This week I focus on nine "Holy Grails" of jazz being reissued by Columbia/Legacy:
Miles Davis - "Milestones," "Jazz Track," "Miles Ahead," "Miles and Monk at Newport," "'Round About Midnight," "Sketches of Spain," "Someday My Prince Will Come," "Porgy and Bess" and "Kind of Blue."
It's not often I get to review nine albums at the same time, and space permits me from going into great detail about these nine classic Miles Davis' albums, recorded between 1956 and 1961 and featuring some of the most seminal recordings in the last 60 years. In fact, it would be fair to say these nine albums, being released by Columbia/Legacy in a mono box set Nov. 12, still set the bar for small group jazz, boasting legendary players such as Miles, John Coltrane, Cannonball Adderley, Bill Evans, Gil Evans, Wynton Kelly and more. Each of these jazz performers, once "touched" by the magic hand of Miles, went on to become giants themselves, playing on thousands of other jazz records with the mojo magic given to them by Miles.
What makes these recordings - already having been reissused, with many of them never out of print since their initial pressings - is these are all in mono, the only way to listen to '50s jazz for lovers of the music. These albums all were originally released in both mono and stereo, with many jazz lovers preferring the mono mixes because of their punchiness and pureness, untouched by the novelty of stereo, which it was viewed as when stereo records first appeared in the 1950s.
Being raised in the age of stereo, I prefer stereo to mono, but for many mono is they way these recordings were initially recorded in the studio by the players, and there is merit in that argument. Surely the players were hearing themselves in monophonic.
The simple fact is, stereo or mono, these recordings by Columbia are regarded as the Rosetta Stones for jazz, and Columbia has remastered them all from the original analog tapes. The first one, "'Round About Midnight," came about as Miles wowed the crowds and Columbia executives with a superb performance at the Newport Jazz Festival in 1955. Miles was signed by Columbia while still under contact with Prestige Records - an unusual situation. Miles was allowed to finish out his contract with Prestige by recording four albums over a weekend with his working band, which included John Coltrane on sax, Red Garland on piano, Paul Chambers on bass, Miles on trumpet and "Philly" Joe Jones on drums.
At the same time, Miles already had recorded most of '"Round Midnight," with the title track - pianist and jazz composer Thelonious Monk's most famous tune - considered the definitive recording of that song. It was rumored Gill Evans, a progressive, big band arranger and close personal friend of Miles, had arranged the song, a rumor with some merit considering Evans and Miles worked on three "symphonic jazz" masterpieces, including "Porgy and Bess," "Miles Ahead" and the astonishing and deeply moving "Sketches of Spain."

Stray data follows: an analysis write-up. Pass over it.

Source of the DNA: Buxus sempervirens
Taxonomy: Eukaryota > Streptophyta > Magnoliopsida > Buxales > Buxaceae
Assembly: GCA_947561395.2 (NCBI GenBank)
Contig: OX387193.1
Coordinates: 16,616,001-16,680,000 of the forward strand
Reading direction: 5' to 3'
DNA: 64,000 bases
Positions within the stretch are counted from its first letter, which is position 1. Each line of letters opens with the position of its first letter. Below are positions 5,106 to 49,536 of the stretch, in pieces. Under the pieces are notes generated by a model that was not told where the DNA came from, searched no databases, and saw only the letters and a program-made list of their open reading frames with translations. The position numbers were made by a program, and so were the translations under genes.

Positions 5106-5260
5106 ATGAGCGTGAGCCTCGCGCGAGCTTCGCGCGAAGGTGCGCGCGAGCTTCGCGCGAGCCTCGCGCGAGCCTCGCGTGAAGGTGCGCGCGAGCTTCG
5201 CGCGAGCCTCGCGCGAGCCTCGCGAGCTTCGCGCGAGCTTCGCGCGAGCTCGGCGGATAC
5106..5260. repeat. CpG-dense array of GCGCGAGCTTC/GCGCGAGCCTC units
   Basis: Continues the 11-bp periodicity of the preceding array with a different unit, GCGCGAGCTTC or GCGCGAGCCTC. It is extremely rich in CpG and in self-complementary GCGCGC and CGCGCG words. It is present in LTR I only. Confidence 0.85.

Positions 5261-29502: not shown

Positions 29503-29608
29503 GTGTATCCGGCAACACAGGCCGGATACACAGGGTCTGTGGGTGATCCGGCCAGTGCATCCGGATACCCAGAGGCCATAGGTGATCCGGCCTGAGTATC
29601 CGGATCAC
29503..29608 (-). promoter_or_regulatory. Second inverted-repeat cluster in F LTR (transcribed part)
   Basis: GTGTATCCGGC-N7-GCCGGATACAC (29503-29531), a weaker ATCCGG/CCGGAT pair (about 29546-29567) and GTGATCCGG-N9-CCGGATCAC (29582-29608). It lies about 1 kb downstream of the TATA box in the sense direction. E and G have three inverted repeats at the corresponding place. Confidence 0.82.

These groundbreaking albums were a serious attempt to merge more "serious" musical forms, such as classical, but in a way that still sounded like jazz. Evans' unusual arrangements were breathtaking in their innovation and beauty, and Miles strong but supple tone and emotional intensity were on full display. There's never again been anything quite like these three albums, although many jazz musicians tried to fuse classical and jazz, a form then known as "Third Stream." But none of them approached the fusion, cohesiveness and sheer beauty of these three collaborations between Miles and Evans.
The band had again changed by 1959, as Miles added Cannonball Adderley on sax, replaced Red Garland with modal pianist Bill Evans, and Philly Joe Jones was booted due to a notorious heroin habit and replaced with Jimmy Cobb. The music changed dramatically as well, as Miles adopted Evans' modal approach to playing tunes based on scales rather than melodies and standards. The result gave these players a freedom beyond the average and cliche chord changes, allowing them to stretch out on songs that were as minimal as possible. The result was yet again another jazz masterpiece - possibly one of the most important in the history of jazz. "Kind of Blue" was so far ahead of its time other players didn't pick up on it until later in the 1960s.
The album also was the rarest of the rare, with the music high art, critically acclaimed and also a best seller for Columbia and Miles. "Kind of Blue" made Miles a household name and a bonafide jazz star.
"Jazz Track" is an interesting anomaly recorded during a visit by Miles to Europe in 1958. The music was recorded with mostly French musicians, with Miles playing moody licks to the French film noir classic "Elevator to the Gallows," a great movie in its own right. Miles basically improvised while watching the film - a one-shot deal, and pure Miles. The music fits the movie perfectly.
"Milestones" was another great album recorded with the same lineup as "'Round Midnight" with the addition of Adderley. The title track went on to become a jazz standard performed by hundreds of jazz cats attracted to its modal manner.
"Miles and Monk at Newport" was a split album recorded by Miles and Monk's bands live at the famous jazz festival, while "Someday My Prince Will Come" was a transitional album for Miles that also marked the last time John Coltrane recorded in the studio with the Dark Prince.
To say these recordings have stood the test of time is proved all over the world every day, as hundreds of jazz artists still are inspired by these recordings and the excellence they aspired to. For jazz fans, these is a must-have set. For Miles' fans, it doesn't get much better than this.